How does alimony work in Pennsylvania?

If you and your spouse are divorcing, your financial circumstances will likely change. Your spouse may have earned more than you during your marriage. Without their income, you might have concerns about maintaining your standard of living or making ends meet. Yet, you may fear that any alimony you receive will prove insufficient. Pennsylvania’s laws, though, will ensure you receive a fair award.

Different types of alimony

While other states use the term spousal support as a substitute for alimony, it is a separate category of maintenance in Pennsylvania. You will receive spousal support if you and your spouse separate before filing for divorce. Yet, you might need help keeping up your standard of living while your divorce is pending. Or, you may require assistance paying your legal fees so you can move forward with your divorce. In these cases, you can petition the court to award you alimony pendente lite. Alimony, then, is any support you receive once your divorce finalizes.

Factors in awarding alimony

You and your spouse may have drafted a prenuptial agreement before your wedding, or a postnuptial agreement afterward. Rather than following Pennsylvania’s alimony laws, a judge will uphold the terms of your agreement instead, so long as they are valid. If you do not have an agreement, they will follow the state’s guidelines.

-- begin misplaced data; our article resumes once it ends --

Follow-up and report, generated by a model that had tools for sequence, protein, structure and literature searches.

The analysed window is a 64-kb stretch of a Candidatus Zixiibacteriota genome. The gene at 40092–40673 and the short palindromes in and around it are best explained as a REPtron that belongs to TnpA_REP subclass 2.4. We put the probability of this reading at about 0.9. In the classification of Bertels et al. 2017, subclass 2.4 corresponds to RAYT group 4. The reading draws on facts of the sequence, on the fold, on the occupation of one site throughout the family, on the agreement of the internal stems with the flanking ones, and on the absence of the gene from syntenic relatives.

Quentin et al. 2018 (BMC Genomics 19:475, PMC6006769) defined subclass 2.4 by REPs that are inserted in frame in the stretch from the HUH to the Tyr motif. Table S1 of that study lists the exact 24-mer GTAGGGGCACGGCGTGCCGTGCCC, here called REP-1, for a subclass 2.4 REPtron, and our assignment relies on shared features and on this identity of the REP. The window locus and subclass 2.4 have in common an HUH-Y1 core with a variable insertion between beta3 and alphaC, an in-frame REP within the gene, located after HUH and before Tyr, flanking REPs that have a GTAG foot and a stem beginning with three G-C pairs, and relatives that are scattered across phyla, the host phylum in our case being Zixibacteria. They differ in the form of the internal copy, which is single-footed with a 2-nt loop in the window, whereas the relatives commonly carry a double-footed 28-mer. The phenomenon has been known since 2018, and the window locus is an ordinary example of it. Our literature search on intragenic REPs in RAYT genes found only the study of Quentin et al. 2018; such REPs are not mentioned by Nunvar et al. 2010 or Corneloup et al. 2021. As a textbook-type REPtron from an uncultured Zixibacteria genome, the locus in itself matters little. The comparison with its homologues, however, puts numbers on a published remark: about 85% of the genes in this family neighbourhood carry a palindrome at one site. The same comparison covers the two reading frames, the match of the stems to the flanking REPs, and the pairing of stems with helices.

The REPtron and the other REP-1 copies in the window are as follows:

Pennsylvania courts do not make automatic alimony awards in divorces. Rather, in ruling on your case, a judge will examine your marital circumstances. They may consider:

  • The duration of you and your spouse’s marriage
  • The property you and your spouse brought into your marriage
  • You and your spouse’s age and overall health
  • You and your spouse’s sources of income
  • You and your spouse’s earning capacities
  • Whether you or your spouse’s earning capacities have been affected by taking care of a minor child
  • Whether you or your spouse contributed to the other’s education or training
  • Whether you require education or training to become self-sufficient
  • Whether you or your spouse engaged in marital misconduct before the date of your separation

Few bars to alimony exist in Pennsylvania. Yet, if you cohabit with a partner besides your spouse prior to your divorce, you cannot receive it as part of your settlement.

The alimony you receive will help you establish yourself financially after your divorce. A family law attorney can help you work to achieve a fair award.


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